Two health insurance companies threatened by bankruptcy

Two health insurance companies threatened by bankruptcy / Health News

Two health insurances are about to go bankrupt: City BKK and Vereinigte IKK


Just two years after the introduction of the health fund, two public health insurance companies have been in serious financial distress. As the Handelsblatt reports, the first billing quarter 2011 decides whether the company health insurance company City BKK will be closed or may continue. The United IKK has already requested millions of euros in grants to ensure that the insured can be covered.

Bankruptcy decision at City BKK in May
Two statutory health insurance companies in Germany seem to be in serious financial difficulties. For at least one health insurance company, City BKK, headquartered in Stuttgart, could already be closed in May. As early as last year, the health insurance fund was the first GKV to introduce an additional contribution of eight euros per month per member. Because the financial allocations of the health fund were not sufficient, the fund had to raise the additional contribution at the beginning of 2011 by five euros to a total of 15 euros. Through the introduction of the new additional contribution „we expect about 20,000 cashier less“, said a spokesman for City BKK. Speculation whether the cash register is closed, however, rejected the cashier. Finally, the quarterly result must be awaited. Only then does the Federal Insurance Office decide if the company health insurance fund will be closed. A final result is expected in early May.

On the first of March this year Oliver Reke took over the cash management board. He replaced interim CEO Dr. Bernhard Amshoff, because due to the miserable situation, the old board resigned in November. If it came to an early bankruptcy, the new board had little opportunity to implement structural reforms. The position would be short lived.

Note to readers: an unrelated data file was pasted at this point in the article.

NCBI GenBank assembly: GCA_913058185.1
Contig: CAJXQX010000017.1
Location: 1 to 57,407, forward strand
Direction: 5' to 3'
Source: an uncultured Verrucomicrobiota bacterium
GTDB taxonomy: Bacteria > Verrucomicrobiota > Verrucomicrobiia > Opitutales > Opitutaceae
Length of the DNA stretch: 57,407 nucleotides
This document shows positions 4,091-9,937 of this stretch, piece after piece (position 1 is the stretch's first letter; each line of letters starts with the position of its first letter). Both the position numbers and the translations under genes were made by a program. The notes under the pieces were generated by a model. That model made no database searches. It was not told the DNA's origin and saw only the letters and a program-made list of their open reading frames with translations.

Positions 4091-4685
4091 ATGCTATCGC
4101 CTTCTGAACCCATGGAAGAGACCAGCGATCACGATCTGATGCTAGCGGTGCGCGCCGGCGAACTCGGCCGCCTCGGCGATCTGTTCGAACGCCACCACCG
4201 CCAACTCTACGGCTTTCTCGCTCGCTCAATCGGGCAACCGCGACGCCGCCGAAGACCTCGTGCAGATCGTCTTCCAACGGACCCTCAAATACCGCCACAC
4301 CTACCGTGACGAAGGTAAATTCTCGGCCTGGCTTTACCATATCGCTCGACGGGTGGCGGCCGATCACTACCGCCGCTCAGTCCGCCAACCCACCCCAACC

The Federal Association of Health Insurance Funds (BKK) sees the future less optimistic. Here one starts from a closure. The debts and ongoing treatment costs would then have to be taken over by the other funds in the network. For the insured themselves, however, no threatening situation arises, as the health economists assure, statutory health insurance companies are obliged to take the members, regardless of their state of health or family status, if the City BKK closes.

Required grants for the United IKK
The second largest guarantor of health insurance, the United IKK, has also been in financial distress. The fund has already submitted a grant application to the group of guilds. As reported by the United IKK, allocations from the health fund are no longer enough to ensure the long-term care of the approximately 1.6 million insured persons. As reported by internal cash registers, the cashier needs a grant of about 50 million euros to mitigate a bankruptcy risk. So far, this application has not yet been decided in the IKK Association. In April of last year, the fund had sought a merger with the IKK Classic. Due to the miserable financial situation of the United IKK, the merger was canceled.

Member loss due to additional contributions
While the United IKK waived additional contributions and thus even recorded a slight increase in membership (plus 26,000), the City BKK is literally running away from the insured. But both health insurance companies mainly suffer from their own membership structure. Many members of the City BKK live in Hamburg and Berlin. Naturally, in the big cities, the cost of treating doctors and clinics is higher than the national average. In addition, older and chronically ill people are insured in the City BKK. This means high expenditure and comparatively little revenue. The additional contribution has also provoked a heavy loss of members. (Sb)

Also read:
Imminent bankruptcy of City BKK
Rescue of the ailing health insurance companies
Bankruptcy of health insurance funds averted
Health insurance City BKK & GBK threatened by bankruptcy
City-BKK saved from insolvency?
Is the health insurance City-BKK broke?
Two health insurance companies are broke

Picture: Gerd Altmann